Chris Hofmann, from Mozilla Corp, spoke about the future of Firefox (version 4). As the browser becomes more and more the primary tool to access applications and resources, it is clear that security is critical. Mozilla focuses on the following points:

  • Security
  • Stability
  • Compatibility
  • Memory use
  • Speed
  • Features

Chris reviewed the current security program developed by Mozilla to keep the security to the highest level (example: the Mozilla’s Bug Bounty Program). In the second part of his talk, he presented the future Firefox 4 (actually in beta-phase). To be kept in touch with new beta, releases etc, keep an eye on developer.mozilla.org/devnews/. What’s new in Firefox 4?

  • Support for HTML5
  • WEB Sockets
  • Retain layers and layers contents
  • CSS transitions
  • WebM, 64bits builds

CSP (“Content Security Policy“) is a new feature to help the web developers. Remember that the web was not designed for user generated content. XSS attacks are still an issue as there is no way for the browser to differentiate the legitimate and injected content! CSP helps the browser to decide what to do with the content:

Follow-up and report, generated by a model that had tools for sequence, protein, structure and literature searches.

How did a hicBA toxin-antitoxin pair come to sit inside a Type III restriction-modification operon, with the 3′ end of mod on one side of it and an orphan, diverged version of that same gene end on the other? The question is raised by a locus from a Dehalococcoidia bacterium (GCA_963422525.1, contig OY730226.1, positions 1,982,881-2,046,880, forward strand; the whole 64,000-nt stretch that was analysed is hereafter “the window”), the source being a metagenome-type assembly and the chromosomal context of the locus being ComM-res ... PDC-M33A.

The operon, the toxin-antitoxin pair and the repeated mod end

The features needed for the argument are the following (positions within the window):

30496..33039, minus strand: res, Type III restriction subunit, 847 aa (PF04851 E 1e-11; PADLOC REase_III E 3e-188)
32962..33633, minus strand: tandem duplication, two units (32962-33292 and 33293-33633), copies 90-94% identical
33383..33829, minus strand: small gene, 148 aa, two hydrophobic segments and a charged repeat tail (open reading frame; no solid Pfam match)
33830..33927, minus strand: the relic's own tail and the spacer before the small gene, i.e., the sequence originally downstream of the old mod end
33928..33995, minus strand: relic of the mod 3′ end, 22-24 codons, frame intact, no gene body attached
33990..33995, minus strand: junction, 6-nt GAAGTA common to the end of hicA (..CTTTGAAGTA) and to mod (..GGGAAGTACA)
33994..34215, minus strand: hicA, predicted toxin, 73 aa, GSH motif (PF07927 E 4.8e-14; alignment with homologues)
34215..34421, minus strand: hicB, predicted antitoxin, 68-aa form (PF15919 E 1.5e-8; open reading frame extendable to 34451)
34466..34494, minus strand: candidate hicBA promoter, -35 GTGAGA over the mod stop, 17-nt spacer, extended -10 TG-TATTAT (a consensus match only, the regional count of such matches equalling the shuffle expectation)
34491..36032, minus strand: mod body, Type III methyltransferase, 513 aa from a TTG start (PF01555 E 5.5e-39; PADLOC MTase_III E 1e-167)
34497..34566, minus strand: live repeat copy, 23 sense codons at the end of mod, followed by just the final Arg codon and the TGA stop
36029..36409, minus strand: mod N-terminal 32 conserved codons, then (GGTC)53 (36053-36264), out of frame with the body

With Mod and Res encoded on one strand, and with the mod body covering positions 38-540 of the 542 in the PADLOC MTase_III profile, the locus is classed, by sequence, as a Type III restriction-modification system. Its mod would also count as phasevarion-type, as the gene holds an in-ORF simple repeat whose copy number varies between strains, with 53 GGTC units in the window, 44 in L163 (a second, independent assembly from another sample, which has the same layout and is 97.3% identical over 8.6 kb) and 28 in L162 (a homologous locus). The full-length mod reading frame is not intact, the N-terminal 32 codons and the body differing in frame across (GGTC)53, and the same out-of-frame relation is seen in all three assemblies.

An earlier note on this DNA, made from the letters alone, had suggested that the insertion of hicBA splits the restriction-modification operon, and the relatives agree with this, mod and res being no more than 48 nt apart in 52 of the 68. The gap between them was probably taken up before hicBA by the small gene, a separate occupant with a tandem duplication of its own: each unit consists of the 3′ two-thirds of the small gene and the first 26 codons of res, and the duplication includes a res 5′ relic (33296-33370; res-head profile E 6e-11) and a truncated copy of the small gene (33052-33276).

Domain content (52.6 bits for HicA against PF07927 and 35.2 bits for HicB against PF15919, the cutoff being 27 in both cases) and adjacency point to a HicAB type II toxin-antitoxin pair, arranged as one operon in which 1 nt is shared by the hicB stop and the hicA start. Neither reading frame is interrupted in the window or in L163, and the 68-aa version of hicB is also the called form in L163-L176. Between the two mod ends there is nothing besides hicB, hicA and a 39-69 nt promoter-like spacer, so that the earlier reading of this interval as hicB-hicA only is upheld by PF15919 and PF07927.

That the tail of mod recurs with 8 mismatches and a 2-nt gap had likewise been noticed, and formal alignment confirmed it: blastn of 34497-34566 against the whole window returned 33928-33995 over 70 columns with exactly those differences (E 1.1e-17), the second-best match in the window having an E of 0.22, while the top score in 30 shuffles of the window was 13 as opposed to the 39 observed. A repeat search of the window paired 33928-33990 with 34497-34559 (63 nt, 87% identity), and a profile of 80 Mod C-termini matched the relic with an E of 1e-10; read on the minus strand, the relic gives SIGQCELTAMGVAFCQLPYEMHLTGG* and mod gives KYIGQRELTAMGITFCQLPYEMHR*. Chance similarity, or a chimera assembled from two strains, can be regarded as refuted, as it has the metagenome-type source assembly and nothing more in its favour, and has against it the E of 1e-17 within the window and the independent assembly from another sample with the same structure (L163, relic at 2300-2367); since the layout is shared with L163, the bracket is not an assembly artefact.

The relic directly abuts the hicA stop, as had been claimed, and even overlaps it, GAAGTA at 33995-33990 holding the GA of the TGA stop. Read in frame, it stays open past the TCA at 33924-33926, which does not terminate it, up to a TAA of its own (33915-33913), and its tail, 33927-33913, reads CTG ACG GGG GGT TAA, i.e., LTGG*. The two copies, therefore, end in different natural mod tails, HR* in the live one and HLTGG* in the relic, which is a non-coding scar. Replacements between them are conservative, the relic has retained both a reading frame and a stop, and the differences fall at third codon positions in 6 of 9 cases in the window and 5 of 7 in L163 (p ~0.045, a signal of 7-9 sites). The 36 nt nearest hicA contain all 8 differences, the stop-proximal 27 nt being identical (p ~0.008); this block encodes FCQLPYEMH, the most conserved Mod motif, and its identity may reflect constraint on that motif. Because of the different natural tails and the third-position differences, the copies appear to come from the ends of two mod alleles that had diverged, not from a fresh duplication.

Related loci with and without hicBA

• Identify the abnormal behavior (what’s allowed and where it must come from)
  • Specify a policy file
  • enforce or just catch and report

Here are some basic examples of policies:

     allow 'self'
     allow 'self'; frame-src ads.net
     allow 'self'; img-src *;
     object-src *.teevee.com;
     scripts myscripts.com;

This sounds like an interesting feature but, as usual, it must be used in the right way. Same as a firewall, if you define a rule “ANY:ANY permit”, you loose all the benefits! This is one feature that you have to keep in mind in the coming months.

After the lunch, Fyodor Yarochkin came back (he already talked about the Russian underground activity yesterday) with a new topic: “Xprobe-NG – Building efficient network discovery tools“. Fyodor is participating into this project and covered the current improvements done on his tool. Xprobe started as a project to perform remote fingerprinting using ICMP queries. Others protocols were added later (fuzzy fingerprinting). The NG version explores other protocols, performs bulk scanning, supports IPv6, honeypots. The results are also improved by cross-correlation over time (between the layer 7 and the network layers). The “enRoute” module findings are: caching systems or transparent proxies, L7 switches, reactive IDS/IPS, application firewalls. The honeypots module is able to detect virtual machines or networks and incomplete services by analyzing the IP flows.

Improvements of the new version are:

  • Minimizing the network load
  • Improving the precision (via the cross-correlation)
  • Improving the usability (via language extensions in Python

Future developments: collect multiple dimensional data (time – sources – targets).